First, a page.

Record companies are calling on the Government to nearly double the period of copyright protection accorded to music tracks.
The BPI, which represents record companies, will tell a review into intellectual property rights commissioned by the Treasury that copyright protection in this country must be extended to 95 years, the level enjoyed by American music recordings. In the UK and the rest of Europe, music recordings have 50 years' protection.
The disparity will soon begin affecting some of Britain's best-known music acts, including the Beatles and the Rolling Stones. EMI, the London-listed music company, owns the rights to much of the Beatles back catalogue. As the Beatles started producing hits in 1962, with "Love Me Do", the group's copyright will start to run out from 2012.
By contrast, composers of the music, like authors of books, have copyright for their lifetime plus another 70 years. Submissions to the review, which is headed by the former Financial Times editor Andrews Gowers, have to be in by the end of next week.
Steve Redmond at the BPI said record companies use the earnings from their back catalogues to finance new talent. "This is a risky business. Nine out of 10 music releases fail. Revenues generated by artists like the Beatles pay for the up-and-coming acts of today."
Singers such as Sir Cliff Richard have complained that once songs are out of copyright, they have no control about how the recordings are used - for instance, for promoting products.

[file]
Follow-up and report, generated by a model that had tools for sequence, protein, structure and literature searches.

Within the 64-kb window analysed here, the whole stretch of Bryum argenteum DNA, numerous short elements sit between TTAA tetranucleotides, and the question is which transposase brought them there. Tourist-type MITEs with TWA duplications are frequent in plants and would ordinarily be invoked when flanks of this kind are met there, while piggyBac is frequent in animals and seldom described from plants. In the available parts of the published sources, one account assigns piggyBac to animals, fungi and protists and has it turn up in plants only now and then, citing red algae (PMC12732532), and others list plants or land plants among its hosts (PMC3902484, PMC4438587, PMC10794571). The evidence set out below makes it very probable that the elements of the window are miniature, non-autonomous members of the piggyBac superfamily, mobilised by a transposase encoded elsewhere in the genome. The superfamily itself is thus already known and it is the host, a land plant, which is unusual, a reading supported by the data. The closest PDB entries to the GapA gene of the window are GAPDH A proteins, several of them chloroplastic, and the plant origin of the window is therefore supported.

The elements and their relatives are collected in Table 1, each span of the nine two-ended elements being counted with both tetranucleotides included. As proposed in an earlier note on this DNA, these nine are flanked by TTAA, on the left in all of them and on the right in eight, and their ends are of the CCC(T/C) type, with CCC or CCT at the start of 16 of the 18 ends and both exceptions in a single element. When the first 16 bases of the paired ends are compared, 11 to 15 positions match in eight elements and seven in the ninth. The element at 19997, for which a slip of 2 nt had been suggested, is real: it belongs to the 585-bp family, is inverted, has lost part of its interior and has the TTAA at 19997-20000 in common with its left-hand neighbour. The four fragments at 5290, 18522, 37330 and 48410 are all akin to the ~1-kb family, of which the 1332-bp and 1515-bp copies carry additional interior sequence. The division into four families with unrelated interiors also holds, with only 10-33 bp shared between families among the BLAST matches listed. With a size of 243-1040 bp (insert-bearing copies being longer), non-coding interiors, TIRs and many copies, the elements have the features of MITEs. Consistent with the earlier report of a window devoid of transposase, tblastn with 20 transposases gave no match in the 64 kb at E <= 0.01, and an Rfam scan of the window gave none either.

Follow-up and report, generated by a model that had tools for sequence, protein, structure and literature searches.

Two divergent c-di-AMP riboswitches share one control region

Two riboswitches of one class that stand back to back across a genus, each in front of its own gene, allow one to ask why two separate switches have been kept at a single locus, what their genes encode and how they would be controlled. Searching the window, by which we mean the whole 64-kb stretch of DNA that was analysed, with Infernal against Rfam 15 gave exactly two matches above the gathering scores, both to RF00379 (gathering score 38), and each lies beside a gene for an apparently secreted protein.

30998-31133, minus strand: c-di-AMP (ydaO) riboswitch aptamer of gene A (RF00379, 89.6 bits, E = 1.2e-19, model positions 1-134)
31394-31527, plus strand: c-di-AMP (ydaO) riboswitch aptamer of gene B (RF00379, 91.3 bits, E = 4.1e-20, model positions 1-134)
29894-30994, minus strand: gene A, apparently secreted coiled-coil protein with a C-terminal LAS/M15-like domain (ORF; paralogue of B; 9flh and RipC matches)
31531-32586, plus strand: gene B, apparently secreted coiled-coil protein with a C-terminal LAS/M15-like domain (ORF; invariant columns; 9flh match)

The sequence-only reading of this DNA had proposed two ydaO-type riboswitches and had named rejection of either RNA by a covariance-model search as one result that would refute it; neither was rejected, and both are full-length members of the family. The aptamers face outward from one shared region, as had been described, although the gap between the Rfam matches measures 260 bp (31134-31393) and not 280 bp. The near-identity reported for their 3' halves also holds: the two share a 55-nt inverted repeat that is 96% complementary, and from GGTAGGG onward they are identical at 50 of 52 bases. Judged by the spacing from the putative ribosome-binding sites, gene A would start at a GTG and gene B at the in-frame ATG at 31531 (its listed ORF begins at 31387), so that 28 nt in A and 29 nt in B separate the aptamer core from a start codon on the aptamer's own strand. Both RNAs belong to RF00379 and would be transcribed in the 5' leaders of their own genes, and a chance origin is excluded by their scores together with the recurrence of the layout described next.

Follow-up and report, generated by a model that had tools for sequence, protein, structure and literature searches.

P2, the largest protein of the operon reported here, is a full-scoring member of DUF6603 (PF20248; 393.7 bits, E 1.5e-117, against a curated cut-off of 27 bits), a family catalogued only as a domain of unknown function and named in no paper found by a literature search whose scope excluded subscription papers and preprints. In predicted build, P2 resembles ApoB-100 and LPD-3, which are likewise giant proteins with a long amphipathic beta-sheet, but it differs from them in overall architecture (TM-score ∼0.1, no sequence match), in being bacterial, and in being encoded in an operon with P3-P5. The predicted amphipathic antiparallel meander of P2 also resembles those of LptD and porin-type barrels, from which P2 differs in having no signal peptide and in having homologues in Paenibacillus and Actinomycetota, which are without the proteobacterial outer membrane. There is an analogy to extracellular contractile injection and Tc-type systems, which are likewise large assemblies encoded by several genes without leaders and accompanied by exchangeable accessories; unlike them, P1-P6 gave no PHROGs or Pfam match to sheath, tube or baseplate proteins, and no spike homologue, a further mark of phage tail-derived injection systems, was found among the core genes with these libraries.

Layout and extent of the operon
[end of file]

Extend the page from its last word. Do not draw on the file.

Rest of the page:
Mr Redmond said: "We operate in a pop music world in which the US is dominant. The UK provides the only credible competition to the US. So why should we be hampered by protection of just 50 years? And who's to say that the recording is worth less [protection] than the composition."
The length of copyright protection in this country falls under European law. So to accede to the record companies, the British Government would have to take the case to Brussels.
New Labour has shown itself to be particularly enamoured of the "creative industries" so the plea from the record companies may be well received by the Treasury. However, Mr Gowers has shown himself to be keen on the new digital technologies, which have often challenged traditional copyright rules.
Kay Withers, a research fellow at the IPPR, the think-tank, said: "Our major asset in the UK is intellectual property. In order to maintain and grow that, we need to focus on the creative industries." Government figures show creative industries provide 8 per cent of the "gross value added" to the UK economy.Reuse content